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PSP Questions

 
Posts: 4
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We are ready to build and would love to do a PSP underground home. Some concerns and questions for those who have built before...
The water table is 16 feet. Do you think that would cause issues? Especially with septic?
We need to build quickly. Any tips on what sort of crew we could find to help? Standard builders won't even entertain our build.
Could we bypass the living roof to save time and timber? We are considering a metal roof with insulation. Veering to far from the plan?
Flooring??? I've read quite a few threads on here about flooring but no one divulges what they end up actually doing. We are in Missouri. Too much rain for an earthen floor. Across the state I saw that the Dancing Rabbit has an earthen floor but put plastic down underneath so I might drive over and see that. What about floating a wood floor instead of carpet?
 
Posts: 730
Location: Bendigo , Australia
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PSP =?
 
gardener
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Location: Upstate NY, zone 5
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It's Mike Oehler's acronym for his system of Post, Shoring, and Polyethylene to create underground houses.

https://permies.com/wiki/48625/Mike-Oehler-Cost-Underground-House
 
Posts: 64
Location: Richwood, West Virginia
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Looks sketchy to me (Pun!):

 
gardener
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Location: Cincinnati, Ohio,Price Hill 45205
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 The metal roof with insulation seems wise to me.
Being able to gather water from your roof is great,  and being able to access it for repairs is good too.
Building on grade and berming earth around your house could avoid issues of ground water.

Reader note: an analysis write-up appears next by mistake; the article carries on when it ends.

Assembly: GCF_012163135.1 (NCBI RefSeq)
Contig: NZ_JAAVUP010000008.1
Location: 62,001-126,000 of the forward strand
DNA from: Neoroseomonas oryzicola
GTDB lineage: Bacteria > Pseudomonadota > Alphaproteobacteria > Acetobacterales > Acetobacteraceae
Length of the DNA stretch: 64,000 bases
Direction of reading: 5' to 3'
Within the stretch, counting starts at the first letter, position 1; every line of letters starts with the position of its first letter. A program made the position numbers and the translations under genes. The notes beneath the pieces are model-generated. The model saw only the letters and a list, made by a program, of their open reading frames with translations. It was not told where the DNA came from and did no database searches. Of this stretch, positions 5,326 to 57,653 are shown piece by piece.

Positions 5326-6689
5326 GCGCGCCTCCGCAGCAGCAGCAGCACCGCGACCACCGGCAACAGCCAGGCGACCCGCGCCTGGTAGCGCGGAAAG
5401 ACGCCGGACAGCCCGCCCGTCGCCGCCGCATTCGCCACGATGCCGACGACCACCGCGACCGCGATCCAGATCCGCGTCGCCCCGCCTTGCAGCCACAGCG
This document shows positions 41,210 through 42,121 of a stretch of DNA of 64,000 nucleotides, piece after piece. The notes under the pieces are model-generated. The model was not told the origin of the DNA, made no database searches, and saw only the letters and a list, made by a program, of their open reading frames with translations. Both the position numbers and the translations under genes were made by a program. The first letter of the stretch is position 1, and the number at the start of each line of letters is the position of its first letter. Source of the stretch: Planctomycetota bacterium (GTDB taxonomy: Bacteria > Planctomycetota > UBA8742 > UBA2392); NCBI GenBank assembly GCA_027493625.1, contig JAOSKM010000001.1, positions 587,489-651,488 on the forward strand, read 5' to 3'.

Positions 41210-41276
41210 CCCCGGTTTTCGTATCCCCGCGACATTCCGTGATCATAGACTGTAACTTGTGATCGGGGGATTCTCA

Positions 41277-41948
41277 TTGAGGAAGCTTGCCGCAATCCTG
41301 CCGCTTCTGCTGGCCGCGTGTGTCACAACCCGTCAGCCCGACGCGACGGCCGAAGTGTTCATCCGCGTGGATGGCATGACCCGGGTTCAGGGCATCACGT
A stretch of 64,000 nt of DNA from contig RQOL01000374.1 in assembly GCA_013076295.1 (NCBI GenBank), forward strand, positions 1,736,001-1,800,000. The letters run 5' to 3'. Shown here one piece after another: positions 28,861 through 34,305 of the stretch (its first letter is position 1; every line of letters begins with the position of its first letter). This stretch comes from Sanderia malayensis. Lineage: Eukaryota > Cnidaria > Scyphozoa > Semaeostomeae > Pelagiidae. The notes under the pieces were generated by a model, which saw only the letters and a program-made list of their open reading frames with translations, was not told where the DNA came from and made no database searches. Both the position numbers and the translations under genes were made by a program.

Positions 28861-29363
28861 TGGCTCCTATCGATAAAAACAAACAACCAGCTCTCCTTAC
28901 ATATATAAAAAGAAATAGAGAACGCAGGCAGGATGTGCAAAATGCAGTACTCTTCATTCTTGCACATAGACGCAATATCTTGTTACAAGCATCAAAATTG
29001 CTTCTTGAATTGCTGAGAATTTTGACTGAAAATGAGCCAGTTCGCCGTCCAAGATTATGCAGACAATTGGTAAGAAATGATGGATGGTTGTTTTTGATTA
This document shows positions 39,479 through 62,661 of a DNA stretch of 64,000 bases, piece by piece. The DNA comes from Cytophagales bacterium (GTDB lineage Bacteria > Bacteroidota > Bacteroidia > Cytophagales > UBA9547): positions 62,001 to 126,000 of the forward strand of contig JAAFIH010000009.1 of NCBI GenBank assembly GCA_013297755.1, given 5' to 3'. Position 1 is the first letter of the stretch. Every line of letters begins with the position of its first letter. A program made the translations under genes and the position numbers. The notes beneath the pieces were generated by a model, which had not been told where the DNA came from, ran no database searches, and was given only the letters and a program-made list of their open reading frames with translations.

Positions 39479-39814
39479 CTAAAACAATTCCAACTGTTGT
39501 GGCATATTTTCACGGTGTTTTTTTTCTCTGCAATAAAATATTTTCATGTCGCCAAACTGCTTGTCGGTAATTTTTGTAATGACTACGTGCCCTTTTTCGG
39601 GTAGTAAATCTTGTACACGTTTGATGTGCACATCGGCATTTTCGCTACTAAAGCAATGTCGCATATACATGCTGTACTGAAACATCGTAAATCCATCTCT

Buying/leasing/hiring a bobcat/earthmover could minimize labor.
Carpet over cardboard over poly could do as a floor.
Anything might do, as long as you keep it dry.
Got a source for posts?
Consider ChipDrop,a woodchip delivery app.
They offer loads that are mostly large logs.
Around here,  some places will deliver sawmill offcuts for use as firewood.
With one side flat, they could be used as shoring.

As for your hurry,  consider buying a 5th wheel to live in as you work on your place.
 
Burl Smith
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Location: Richwood, West Virginia
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Amy Rising wrote:
We need to build quickly. Any tips on what sort of crew we could find to help? Standard builders won't even entertain our build.



I envied my neighbor in Southern Missouri who lived in an earth-bermed house. Dry Stacking concrete blocks followed by the poly' and berm may be a more acceptable procedure for your prospective builders.
 
John C Daley
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Location: Bendigo , Australia
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OK, thanks for the expansion of the acrynom.
I guess one thing to be aware of is the need to be able to have the underground drains actually drain to a point lower than the floor of the house.